For arterial specification, VEGF induces expression of Notch signaling genes, including Notch1 and its ligand, Dll4, and Foxc1 and Foxc2 transcription factors directly regulate Dll4 expression.(11) Dll4 ligand signaling is a pathway in angiogenic sprouting and acts as a negative regulator of this process induced by VEGF.(12-14) Forkhead transcription factor Foxc2 directly regulates expression of various genes involved in angiogenesis, CXCR4, INT?3, Dll4, and Ang-2, thereby controlling angiogenic processes. Thus, Foxc2 is now recognized as a novel regulator of vascular formation and remodeling.(12) In mammals there are three Fringe GlcNAc-transferases, named lunatic fringe, manic fringe, and radical fringe. These enzymes are responsible for a fringe effect on notch signaling. If Fringe adds a GlcNAc to the O-fucose sugar then the subsequent addition of a galactose and sialic acid will occur. In the presence of this tetrasaccharide, notch signals strongly when it interacts with the DLL, but has markedly inhibited signaling when interacting with the Jagged ligand.(1)
Notch signaling is disregulated in many cancers, and faulty notch signaling is implicated in T-ALL.(1, 15, 16) Notch signaling plays a major role in normal breast development and has been implicated in cancer initiation and progression.(3) Targeting Notch signaling as a treatment for BC is promising, but the pathway is active in other tissues.(3)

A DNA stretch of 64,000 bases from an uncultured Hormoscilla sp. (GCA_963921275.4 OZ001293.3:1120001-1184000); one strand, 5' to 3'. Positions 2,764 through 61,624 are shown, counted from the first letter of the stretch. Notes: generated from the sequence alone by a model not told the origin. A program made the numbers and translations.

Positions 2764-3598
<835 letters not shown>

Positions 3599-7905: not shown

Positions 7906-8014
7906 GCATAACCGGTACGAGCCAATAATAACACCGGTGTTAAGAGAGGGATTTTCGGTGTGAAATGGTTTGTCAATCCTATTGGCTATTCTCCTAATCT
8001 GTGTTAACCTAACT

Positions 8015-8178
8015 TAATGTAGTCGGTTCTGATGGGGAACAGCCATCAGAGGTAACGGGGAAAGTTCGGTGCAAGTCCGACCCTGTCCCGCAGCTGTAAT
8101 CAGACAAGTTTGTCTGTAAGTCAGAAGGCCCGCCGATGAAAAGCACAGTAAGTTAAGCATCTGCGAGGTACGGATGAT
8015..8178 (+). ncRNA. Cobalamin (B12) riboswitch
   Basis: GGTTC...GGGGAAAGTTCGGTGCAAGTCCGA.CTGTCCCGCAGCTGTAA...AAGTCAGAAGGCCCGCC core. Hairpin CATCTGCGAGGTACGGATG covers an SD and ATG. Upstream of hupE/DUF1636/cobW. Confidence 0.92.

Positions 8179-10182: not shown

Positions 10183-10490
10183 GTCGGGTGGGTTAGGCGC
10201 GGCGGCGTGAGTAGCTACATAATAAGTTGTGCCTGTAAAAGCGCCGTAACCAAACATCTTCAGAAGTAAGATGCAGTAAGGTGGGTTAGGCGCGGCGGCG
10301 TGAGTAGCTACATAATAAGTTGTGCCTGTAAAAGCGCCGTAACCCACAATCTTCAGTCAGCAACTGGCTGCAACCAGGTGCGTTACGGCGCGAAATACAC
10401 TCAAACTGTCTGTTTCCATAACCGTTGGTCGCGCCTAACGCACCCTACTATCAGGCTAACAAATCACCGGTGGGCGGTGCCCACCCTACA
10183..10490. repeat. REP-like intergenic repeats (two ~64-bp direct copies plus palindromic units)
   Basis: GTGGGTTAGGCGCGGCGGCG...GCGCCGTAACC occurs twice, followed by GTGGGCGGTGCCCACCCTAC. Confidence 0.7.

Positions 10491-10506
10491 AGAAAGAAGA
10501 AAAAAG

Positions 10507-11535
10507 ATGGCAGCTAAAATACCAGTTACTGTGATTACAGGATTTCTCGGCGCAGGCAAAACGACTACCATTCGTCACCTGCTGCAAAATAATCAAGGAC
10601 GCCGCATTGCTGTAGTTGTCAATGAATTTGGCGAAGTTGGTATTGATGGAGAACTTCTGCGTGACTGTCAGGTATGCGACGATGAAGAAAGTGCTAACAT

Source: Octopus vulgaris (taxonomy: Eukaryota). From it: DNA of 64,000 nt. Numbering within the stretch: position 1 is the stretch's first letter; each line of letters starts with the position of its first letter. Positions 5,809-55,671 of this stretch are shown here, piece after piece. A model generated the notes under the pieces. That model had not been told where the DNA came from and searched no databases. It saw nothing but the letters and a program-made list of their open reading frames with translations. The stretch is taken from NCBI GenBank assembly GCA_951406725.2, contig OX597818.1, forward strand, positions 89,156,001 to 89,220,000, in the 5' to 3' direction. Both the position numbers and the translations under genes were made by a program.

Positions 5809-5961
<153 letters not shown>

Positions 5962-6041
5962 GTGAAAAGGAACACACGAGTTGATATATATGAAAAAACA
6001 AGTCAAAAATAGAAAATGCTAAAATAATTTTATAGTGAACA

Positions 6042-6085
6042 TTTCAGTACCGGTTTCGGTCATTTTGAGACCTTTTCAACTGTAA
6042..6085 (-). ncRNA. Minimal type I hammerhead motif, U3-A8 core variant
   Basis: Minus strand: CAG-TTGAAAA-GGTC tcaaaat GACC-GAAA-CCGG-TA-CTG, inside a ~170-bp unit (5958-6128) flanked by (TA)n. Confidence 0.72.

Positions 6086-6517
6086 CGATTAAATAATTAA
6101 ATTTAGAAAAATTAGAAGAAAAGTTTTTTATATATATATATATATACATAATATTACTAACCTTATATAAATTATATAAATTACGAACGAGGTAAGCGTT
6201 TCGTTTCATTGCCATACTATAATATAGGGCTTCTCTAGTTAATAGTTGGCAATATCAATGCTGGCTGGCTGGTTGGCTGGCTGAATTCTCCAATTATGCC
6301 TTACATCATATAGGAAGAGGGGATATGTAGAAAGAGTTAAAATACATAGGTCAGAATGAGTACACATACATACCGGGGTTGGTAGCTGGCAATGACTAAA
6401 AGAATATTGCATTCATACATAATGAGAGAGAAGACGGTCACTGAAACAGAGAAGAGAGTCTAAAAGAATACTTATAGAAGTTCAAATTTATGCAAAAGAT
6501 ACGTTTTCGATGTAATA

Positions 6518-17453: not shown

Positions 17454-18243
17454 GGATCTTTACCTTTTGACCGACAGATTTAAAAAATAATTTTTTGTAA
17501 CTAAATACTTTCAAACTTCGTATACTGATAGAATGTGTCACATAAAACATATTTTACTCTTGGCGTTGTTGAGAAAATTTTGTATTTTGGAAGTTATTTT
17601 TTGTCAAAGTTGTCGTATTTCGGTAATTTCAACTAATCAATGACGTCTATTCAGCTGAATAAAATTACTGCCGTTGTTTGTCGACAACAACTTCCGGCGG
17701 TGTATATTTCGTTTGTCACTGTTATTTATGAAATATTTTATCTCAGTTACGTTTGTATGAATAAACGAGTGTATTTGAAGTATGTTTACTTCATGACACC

Drugs/Indications
Trial Drugs/Interactions
Generic Code Old Code Brand Company Indication trials
demcizumab OMP-21M18   OncoMed P2: PC; P1/2: peritoneal; P1: CRC, solid trials
  PF-03084014   Pfizer P2: pancreatic, BC, Kaposi; P1: various trials
  RG4733 RO4929097  Roche P2: solid, NSCLC, BC, GBM, RCC, melanoma, NSCLC, CRC; P1/2: rhabdoid, astrocytoma; P1: various trials
  VB-111 GT-111   Vascular P2: GBM, thyroid, RCC, NET, ovarian; P1: solid trials
M402 M-ONC 402 Momenta P1/2: pancreatic trials
MK-0752  c7617  Merck P1/2: BC, PC; P1: solid, brain, CNS, pancreatic, leukemia, lymphoma trials
OMP-59R5 MorphSys P1/2: pancreatic, SCLC, solid trials
enoticumab REGN421  SAR153192 Regeneron P1: solid trials
BMS-906024 BMS P1: solid, lymphoblastic leukemia trials
BMS-986115 BMS P1: solid trials
LY3039478 Eli Lilly P1: various trials
MEDI-0639 MedImmune P1: solid trials
OMP-52M51 OncoMed P1: lymphoma, solid trials
PF-06650808 Pfizer P1: solid, BC trials
Failed Drugs
Generic Code Old Code Brand Company Indication trials